He's prematurely gone from the Wimbledon draw, but that doesn't mean it's all over for Andy Roddick.
I remember sitting in front of Andy Roddick at a press conference at Indian Wells earlier this year, listening to the 28-year-old talk about his chances of winning another Slam. It was a typical Roddick presser: jokes were being cracked, insight was being delivered, and a sardonic stream of witticisms was flying.
Even though the mood was comical in the room, Roddick was quick to get serious when talking about his chances. Under the 'right conditions,' Roddick feels that Slam No. 2 is a possibility.
It got me wondering: what are the 'right conditions?'
You would think that the 'right conditions' would be the very grass that was growing under Roddick's feet during his three previous Wimbledon final runs.
But those conditions, once again, haven't suited Roddick's game. He crashed out yesterday, losing his first of 8 career matches against Spaniard Feliciano Lopez.
It's hard for a lot of us to imagine Andy Roddick winning another Grand Slam, given his age and inability to crack the code of tennis' "trivalry," but Roddick still doesn't think the book is closed on him. This spring in California, he felt he still had a chance to break through for a second Slam, and I doubt he feels any differently today, even with the sting of his second consecutive early Wimbledon departure still burning him up.
So, what now?
Chris Evert thinks she knows what's best for Andy.
"It's his last hurrah," says Evert. "He's got to sit down and he's got to realize that 'okay, I'll give myself two to three great years, but I've got to tweak a few things.'" says Evert. "He's got to keep it simple and get back to the big serve and the big aggressive forehand."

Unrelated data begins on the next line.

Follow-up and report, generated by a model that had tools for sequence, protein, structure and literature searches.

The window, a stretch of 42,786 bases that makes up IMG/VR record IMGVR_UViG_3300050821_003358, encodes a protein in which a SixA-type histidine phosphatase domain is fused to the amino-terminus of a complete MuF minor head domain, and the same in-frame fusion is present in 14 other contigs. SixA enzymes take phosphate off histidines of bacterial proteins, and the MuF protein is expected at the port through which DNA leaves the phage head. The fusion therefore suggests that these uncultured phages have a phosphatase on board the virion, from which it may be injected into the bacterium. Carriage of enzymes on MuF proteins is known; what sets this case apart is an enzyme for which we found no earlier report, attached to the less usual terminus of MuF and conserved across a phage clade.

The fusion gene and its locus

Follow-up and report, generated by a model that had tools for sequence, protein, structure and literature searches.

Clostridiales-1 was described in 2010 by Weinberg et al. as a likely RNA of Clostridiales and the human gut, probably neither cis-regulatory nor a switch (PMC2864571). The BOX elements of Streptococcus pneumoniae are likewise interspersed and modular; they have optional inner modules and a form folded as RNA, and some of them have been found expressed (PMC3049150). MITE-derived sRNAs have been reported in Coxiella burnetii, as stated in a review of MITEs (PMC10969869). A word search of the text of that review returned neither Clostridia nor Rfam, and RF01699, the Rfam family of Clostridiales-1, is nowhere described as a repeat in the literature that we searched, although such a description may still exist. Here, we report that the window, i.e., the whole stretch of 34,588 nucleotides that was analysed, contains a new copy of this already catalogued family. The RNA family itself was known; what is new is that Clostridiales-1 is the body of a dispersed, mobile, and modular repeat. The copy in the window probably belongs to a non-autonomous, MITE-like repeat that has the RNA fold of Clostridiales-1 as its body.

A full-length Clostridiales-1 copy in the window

It's the same advice that Roddick has been getting from the tennis cognoscenti for years now, but something isn't clicking in the Roddick camp. Roddick's propensity for defense suits his personality -- he's a boots-on-the-ground soldier-type of dude -- but does it suit his game? And if it doesn't suit his game, why isn't his coach FORCING him to be more aggressive?
My advice for Andy would be to start with another clean slate. I know this sounds harsh, but Mr. Roddick should seek a new coach for the "last hurrah" that Chris Evert speaks of. Nothing against Larry Stefanki, who is an absolutely fantastic coach and tennis person, but A-rod seems to get energized off of new coaching relationships.
The evidence: Roddick responded well when Brad Gilbert took the reigns and went on to win his one and only Slam; Roddick was jazzed when Jimmy Connors took the helm for a brief stint and he went on reach the 2006 US Open final; he was jazzed when Stefanki took over and he nearly won Wimbledon.
Why not look for one more shake up? A new coach -- or reuniting with an old one? -- could be the tonic that could pump some wind into Roddick's sails.
Don't worry about Stefanki. He's a world-class coach and his services would be widely sought after. This isn't about him, anyway. This is about Roddick getting the most out of himself as he nears the final act of his career.
He's got a lot to give, you can sense it.
He just needs to find a way to give it.